As coronavirus cases creep upward in Charlotte County, commissioners disagreed Tuesday on a mandatory mask requirement.

Arguments against included that it is unenforceable, that masks are used improperly or that it would better enforced by businesses. The board took no vote, but asked staff to issue a statement, which was: “The Charlotte County Commission on Tuesday strongly encouraged residents and visitors to wear masks while in public when social distancing is not possible.”

Like the rest of the state, Charlotte County cases of the virus are increasing and victims are growing younger, Health Chief Joe Pepe said. The state rates are far more dramatic and cases are far younger — in the 25-54 range, Pepe said, compared to locally where the 55-64 group just overtook the 85-plus group in highest number of cases.

Rates locally have gone from about five new cases a day to eight, Pepe said.

Some of the latest victims, Pepe said, were a 1-year old and a 10-month old, who are doing well.

Commissioner Chris Constance, a medical doctor, tried to persuade the board to act as did Monroe County in the Florda Keys in mandating masks.

“It’s going to keep you safer. It’s going to keep your neighbor safer,” he said.

Other board members disagreed.

“I’m not in favor of mandatory. I never will be,” Commissioner Chair Bill Truex said, noting that people routinely misuse gloves and masks.

“I’ve seen people wear gloves and take them off with their teeth!” he said.

Commissioner Stephen R. Deutsch aimed for a compromise.

“I’d like the board to officially recommend that people be required to wear a mask before entering a facility,” he said.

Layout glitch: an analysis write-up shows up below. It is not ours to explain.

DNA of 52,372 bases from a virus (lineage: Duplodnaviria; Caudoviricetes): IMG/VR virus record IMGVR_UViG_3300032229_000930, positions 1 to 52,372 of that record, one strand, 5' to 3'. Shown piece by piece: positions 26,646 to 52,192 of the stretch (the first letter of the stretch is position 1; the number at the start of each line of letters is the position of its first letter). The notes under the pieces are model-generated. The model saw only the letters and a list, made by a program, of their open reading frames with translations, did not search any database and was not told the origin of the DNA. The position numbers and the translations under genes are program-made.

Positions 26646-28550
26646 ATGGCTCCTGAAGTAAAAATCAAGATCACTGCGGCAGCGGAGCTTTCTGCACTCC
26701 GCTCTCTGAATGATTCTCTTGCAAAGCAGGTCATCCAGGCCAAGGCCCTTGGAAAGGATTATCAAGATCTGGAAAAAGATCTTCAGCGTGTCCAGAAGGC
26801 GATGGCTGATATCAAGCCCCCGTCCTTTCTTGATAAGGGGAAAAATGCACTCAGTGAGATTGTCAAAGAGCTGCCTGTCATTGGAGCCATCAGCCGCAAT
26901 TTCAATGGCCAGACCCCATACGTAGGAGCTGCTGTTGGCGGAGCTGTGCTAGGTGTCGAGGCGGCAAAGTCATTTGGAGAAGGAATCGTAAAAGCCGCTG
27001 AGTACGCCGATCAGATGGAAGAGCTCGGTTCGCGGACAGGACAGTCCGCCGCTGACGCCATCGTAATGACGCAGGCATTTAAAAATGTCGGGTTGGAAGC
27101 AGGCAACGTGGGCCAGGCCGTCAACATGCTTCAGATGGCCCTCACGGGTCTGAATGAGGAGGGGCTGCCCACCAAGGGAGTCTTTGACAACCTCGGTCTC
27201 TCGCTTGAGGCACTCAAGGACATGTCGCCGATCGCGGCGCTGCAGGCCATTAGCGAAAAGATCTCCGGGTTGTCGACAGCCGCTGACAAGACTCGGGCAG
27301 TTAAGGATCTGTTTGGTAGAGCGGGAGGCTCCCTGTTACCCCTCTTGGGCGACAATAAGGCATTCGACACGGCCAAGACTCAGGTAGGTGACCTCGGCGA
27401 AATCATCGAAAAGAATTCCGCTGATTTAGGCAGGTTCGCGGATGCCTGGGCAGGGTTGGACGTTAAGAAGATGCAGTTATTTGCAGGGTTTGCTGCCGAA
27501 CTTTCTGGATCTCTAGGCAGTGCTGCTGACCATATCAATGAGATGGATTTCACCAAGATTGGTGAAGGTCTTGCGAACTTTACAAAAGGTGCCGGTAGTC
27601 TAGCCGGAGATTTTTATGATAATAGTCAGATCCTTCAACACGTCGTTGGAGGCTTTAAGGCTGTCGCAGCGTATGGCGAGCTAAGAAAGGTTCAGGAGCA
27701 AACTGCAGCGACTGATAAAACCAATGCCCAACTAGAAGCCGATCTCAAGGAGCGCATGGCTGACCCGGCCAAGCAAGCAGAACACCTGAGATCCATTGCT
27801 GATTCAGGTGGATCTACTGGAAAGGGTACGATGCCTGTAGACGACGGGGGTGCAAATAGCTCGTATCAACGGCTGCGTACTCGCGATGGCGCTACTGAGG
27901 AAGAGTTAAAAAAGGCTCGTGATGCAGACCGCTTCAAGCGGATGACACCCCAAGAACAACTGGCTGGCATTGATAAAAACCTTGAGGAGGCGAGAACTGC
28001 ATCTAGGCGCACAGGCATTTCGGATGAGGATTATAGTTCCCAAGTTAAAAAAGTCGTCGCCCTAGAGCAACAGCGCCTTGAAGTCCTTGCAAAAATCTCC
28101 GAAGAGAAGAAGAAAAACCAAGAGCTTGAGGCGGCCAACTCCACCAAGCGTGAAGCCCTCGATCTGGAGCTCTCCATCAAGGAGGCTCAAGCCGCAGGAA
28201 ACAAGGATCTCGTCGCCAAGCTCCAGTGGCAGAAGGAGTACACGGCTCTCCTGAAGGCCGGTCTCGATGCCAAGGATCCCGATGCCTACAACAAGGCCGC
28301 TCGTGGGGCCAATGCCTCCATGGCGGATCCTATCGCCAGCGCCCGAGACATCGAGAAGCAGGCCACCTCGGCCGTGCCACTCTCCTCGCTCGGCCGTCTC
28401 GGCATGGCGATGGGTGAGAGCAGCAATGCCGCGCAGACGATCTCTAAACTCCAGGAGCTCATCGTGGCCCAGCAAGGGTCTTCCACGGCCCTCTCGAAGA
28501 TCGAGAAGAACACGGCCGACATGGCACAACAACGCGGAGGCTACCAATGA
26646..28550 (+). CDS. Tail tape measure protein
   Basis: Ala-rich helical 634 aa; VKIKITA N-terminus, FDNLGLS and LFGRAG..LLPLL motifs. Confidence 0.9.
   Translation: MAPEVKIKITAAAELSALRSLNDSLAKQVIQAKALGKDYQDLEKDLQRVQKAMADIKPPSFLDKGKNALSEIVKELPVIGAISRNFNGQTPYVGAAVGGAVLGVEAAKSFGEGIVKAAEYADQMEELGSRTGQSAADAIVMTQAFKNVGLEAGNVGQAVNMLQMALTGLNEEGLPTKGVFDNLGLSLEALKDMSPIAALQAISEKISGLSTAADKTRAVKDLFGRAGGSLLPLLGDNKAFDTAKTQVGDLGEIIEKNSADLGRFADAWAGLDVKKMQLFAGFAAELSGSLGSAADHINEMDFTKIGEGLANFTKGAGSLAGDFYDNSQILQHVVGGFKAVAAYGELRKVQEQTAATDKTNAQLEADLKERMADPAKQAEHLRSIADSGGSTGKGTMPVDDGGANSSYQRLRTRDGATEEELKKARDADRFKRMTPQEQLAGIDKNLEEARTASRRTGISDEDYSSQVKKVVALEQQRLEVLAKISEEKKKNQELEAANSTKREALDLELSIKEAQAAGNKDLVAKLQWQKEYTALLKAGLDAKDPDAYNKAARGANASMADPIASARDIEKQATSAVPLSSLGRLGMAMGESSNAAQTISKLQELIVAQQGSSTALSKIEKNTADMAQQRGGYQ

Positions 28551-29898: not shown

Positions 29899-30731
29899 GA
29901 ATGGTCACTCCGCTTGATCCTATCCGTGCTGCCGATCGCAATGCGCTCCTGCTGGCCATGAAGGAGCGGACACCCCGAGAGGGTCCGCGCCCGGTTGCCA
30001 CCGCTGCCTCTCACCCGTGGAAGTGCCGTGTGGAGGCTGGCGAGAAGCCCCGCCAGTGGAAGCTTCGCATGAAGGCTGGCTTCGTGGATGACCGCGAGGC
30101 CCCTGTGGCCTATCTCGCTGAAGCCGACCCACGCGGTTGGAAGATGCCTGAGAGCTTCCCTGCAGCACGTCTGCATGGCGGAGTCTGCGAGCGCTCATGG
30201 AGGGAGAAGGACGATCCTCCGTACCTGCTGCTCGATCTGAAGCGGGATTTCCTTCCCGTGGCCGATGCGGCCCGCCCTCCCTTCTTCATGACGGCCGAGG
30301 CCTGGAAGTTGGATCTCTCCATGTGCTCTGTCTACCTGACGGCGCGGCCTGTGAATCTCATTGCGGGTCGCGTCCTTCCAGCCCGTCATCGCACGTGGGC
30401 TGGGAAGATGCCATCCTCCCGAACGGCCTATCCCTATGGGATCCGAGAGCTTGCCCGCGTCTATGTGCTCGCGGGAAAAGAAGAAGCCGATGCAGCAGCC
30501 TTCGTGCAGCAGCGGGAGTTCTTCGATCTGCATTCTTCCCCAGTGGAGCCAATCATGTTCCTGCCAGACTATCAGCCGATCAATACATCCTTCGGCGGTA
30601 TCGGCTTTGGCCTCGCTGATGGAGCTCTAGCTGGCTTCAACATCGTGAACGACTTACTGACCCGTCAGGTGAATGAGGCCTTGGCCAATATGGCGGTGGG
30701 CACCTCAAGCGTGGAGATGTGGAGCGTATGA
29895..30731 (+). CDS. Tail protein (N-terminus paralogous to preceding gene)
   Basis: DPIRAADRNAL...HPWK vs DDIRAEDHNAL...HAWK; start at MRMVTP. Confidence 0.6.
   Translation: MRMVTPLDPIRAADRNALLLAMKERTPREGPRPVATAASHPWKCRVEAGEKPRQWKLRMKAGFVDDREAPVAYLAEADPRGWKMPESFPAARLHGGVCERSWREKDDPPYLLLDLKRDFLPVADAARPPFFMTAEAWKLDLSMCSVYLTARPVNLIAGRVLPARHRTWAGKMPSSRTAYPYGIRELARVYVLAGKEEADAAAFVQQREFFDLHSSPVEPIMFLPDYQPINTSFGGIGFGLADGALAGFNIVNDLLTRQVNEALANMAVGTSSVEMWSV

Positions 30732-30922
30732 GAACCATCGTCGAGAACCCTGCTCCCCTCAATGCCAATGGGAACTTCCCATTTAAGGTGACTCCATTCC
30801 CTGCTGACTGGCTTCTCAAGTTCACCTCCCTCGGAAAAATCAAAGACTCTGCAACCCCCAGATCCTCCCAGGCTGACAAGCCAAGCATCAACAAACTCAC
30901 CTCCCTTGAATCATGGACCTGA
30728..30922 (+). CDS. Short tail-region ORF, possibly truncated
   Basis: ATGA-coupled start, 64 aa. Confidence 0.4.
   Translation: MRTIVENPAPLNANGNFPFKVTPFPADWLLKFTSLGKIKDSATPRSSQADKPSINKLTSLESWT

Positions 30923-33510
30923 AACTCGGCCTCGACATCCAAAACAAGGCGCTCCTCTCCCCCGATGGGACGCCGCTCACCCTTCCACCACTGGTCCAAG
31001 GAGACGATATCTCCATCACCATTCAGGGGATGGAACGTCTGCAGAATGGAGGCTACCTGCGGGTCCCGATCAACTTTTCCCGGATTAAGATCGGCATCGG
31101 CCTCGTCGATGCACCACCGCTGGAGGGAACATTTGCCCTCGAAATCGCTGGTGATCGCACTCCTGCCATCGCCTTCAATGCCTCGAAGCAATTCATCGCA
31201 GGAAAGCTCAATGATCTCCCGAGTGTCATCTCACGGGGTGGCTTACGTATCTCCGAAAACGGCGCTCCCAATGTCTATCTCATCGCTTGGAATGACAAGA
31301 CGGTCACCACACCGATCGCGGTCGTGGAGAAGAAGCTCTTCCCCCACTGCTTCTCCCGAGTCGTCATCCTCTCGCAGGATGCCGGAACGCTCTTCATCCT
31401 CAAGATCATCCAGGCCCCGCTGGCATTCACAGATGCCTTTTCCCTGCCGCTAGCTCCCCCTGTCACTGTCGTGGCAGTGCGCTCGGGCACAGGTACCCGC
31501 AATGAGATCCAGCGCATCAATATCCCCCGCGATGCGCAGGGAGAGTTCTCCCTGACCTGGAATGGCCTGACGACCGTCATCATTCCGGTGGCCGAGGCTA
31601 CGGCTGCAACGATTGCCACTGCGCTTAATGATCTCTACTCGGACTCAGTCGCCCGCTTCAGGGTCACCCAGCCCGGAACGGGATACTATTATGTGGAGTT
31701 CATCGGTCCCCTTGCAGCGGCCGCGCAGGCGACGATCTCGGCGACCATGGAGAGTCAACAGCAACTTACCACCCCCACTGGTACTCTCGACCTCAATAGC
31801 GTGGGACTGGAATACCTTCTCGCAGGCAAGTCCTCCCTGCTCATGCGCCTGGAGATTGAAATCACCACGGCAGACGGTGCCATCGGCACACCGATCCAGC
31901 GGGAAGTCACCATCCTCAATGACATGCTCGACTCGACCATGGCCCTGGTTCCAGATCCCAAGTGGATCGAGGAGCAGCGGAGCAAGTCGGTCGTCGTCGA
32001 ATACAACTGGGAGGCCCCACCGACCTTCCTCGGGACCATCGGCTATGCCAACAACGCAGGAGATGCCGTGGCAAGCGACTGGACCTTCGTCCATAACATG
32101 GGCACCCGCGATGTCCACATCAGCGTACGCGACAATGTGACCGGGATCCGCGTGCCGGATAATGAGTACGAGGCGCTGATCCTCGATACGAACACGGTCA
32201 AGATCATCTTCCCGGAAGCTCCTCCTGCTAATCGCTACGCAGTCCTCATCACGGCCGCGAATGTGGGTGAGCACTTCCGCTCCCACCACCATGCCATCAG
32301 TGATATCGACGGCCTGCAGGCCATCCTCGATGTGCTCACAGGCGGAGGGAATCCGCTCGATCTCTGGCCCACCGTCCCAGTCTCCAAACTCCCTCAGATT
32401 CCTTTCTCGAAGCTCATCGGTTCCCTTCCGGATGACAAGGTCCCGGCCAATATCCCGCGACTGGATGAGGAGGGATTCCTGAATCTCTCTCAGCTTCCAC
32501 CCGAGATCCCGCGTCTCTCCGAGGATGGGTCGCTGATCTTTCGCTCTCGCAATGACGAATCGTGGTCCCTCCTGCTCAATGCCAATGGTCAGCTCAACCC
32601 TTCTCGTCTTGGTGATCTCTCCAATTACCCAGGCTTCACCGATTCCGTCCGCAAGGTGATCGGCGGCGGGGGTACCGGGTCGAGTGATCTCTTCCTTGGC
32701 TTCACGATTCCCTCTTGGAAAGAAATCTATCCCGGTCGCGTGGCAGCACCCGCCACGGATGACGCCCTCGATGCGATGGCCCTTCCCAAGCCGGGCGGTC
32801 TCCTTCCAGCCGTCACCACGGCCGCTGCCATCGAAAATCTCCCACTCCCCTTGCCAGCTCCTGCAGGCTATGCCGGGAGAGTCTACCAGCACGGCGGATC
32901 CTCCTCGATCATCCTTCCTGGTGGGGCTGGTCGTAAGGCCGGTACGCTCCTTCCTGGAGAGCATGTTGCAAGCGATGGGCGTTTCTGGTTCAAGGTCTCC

Commissioner Ken Doherty said it would be better for businesses to mandate masks of their customers and employees.

Enforcement would be a problem, Commissioner Joe Tiseo said.

“I can tell you what’s going to happen. People are going to be calling 911, ‘There’s a guy without a mask. I want you out here.’”

Audience members weighed in.

“If this were a wildfire, we wouldn’t care who started it,” said Sally Simon, speaking in favor of mandatory masking. “I’m 72 years old. I’m on every hit list. I consider it in the nature of a potential attack. I don’t care about conspiracy agendas. Just help me keep myself alive.”

Michael Zarzano spoke against masks, citing a New England Journal of Medicine letter from doctors who on April 1 said masks do not protect against incidental passing in public.

“We are going to destroy the American economy for less than 1% of the population,” Zarzano said.

Authors of the NEJM letter wrote again in June to object to their article being used as evidence that masks were not effective for public health. They advocated use of masks for any sustained interactions.

With younger people as the main victims, the hospitalization and death rates have not increased locally or statewide, Pepe said, even with an increase in cases. The risk, however, he said, is if these young people go home and infect their uncles, aunts, parents and grandparents — or if they infect an elderly person for whom they work as a health care worker.


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